A service design approach by my bank would help me acquire, live in and pay for my own home over my entire lifetime. Imagine how we could have all avoided the credit crunch mess if the banks had treated mortgages as a service, and treated customers as partners in an investment.

A services model would demand that the banks have a much closer relationship with their customers, because they want to keep them. Services adapt and change to meet the changing needs of customers.

My ideal mortgage would be so flexible that it would fit with the ups and downs of life – having a baby, helping a family member with an illness, moving house,changing jobs, losing your job. The bank should do everything to take the stress away so you, as a customer, can keep up with the payments and improve your life – not get stuck with stress and even more debt.

Instead, the current product model means we are threatened with fees for every time we need to take a short break or pay less – heck, there’s even limits and fees for paying more!

A service design approach to mortgages and loans would include:

  • Getting to know (and even visiting) customers. Not just once, but regularly.
  • Learning how each customer lives and getting to know and their financial goals. Help them achieve those goals. It’s good for business!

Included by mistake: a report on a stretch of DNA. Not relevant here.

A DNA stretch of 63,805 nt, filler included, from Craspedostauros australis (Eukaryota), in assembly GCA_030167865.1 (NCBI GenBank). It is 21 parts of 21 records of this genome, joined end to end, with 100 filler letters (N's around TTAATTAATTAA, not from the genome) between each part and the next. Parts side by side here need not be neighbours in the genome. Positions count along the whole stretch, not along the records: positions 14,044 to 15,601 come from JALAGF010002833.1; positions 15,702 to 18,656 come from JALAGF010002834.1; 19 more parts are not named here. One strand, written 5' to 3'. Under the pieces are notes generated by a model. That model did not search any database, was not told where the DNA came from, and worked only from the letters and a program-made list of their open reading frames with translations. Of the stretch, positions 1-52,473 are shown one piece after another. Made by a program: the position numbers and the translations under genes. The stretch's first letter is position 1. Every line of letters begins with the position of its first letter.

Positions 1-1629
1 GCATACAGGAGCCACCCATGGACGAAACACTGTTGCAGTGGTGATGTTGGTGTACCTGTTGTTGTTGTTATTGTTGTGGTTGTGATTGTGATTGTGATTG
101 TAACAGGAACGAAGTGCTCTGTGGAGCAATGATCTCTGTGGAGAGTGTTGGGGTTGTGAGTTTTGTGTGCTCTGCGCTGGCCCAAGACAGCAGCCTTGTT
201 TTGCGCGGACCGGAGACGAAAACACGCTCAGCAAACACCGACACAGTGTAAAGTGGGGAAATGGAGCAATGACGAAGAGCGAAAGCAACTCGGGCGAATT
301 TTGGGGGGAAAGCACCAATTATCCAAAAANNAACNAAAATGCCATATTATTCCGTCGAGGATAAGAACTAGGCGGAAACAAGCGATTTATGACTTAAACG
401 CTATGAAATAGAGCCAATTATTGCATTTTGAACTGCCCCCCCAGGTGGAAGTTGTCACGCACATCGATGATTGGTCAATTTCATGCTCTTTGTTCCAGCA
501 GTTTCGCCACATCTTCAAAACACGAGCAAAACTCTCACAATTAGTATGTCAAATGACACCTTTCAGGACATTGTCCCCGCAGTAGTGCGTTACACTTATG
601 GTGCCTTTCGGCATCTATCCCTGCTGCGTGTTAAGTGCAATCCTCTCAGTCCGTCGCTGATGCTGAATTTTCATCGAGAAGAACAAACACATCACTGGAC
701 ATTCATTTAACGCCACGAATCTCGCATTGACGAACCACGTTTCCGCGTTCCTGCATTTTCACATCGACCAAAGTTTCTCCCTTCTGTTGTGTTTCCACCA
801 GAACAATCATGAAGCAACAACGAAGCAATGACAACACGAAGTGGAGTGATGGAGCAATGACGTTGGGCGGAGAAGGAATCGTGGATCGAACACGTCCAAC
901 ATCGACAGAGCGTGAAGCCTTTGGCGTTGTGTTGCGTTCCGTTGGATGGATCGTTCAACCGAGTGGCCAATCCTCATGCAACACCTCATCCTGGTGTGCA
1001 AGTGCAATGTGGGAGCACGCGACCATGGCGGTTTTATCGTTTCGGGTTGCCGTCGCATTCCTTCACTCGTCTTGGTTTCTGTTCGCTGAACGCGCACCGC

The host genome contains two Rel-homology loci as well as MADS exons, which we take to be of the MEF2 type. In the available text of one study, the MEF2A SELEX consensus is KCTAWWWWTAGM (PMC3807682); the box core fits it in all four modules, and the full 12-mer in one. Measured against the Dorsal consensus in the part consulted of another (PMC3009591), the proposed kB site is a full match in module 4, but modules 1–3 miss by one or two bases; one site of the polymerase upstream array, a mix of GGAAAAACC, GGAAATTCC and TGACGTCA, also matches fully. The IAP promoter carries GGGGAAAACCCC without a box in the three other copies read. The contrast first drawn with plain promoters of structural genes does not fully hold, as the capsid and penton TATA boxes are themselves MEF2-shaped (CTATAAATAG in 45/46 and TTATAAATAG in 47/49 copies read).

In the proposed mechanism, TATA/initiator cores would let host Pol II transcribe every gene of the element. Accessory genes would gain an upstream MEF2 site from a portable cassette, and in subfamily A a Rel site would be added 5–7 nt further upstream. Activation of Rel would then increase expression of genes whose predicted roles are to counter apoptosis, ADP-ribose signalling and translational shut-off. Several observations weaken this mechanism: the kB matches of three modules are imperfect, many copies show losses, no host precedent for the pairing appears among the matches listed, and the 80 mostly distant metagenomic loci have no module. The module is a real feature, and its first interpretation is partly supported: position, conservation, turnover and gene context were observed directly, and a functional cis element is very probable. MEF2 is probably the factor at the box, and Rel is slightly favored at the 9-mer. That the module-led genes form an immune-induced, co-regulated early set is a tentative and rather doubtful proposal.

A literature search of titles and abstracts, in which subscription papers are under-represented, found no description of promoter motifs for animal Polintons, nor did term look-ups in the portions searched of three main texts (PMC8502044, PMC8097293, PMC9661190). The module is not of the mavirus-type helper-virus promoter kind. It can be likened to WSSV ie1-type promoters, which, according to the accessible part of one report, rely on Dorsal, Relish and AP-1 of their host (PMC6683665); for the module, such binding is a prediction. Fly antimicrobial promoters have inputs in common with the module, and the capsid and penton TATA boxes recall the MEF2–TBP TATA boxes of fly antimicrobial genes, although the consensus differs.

• Helping customers proactively manage risk and teaching them how be responsible with their money.
  • Investing in us as customers – not seeing us as units of profit, but partners in wealth-creation.

What do you think? In the new age of responsible and sustainable living, is a service design approach the right way for banks to go?


I asked, “is the iPhone a product or a service?” One reply this time:

The iPhone is a product. You use services on it / via it. It’s no different to a Nokia phone.

An iPhone without Apple services - a banana republic? Photo by Ninja M.
An iPhone without Apple services – a Banana Republic? Photo by Ninja M.

But a bit like Mojo Coffee the iPhone would be almost useless without the service design model which Apple has craftily wrapped around this device. Via the phone you have access to the Apple service network including iTunes, iPhone Applications, MobileMe and software upgrades.

Some would argue that Apple have locked-down their service model so tightly that it’s almost impossible to avoid buying into more and more of Apple’s products and services. It’s cunning business on their part, and they’ve obviously analysed the customer from a service design perspective.

It’s not friendly service with a smile like Mojo, nor is it an inflexible product like the classic bank mortgage – it’s somewhere in between.


The same sort of analysis as the above industries should be applied to online services or products.

A fantastic site or interactive won’t reach it’s full potential unless it’s wrapped in a service design model. My first question when approaching a new project, is, “Where does this fit into the overall customer experience?”

Your website is just part of the puzzle.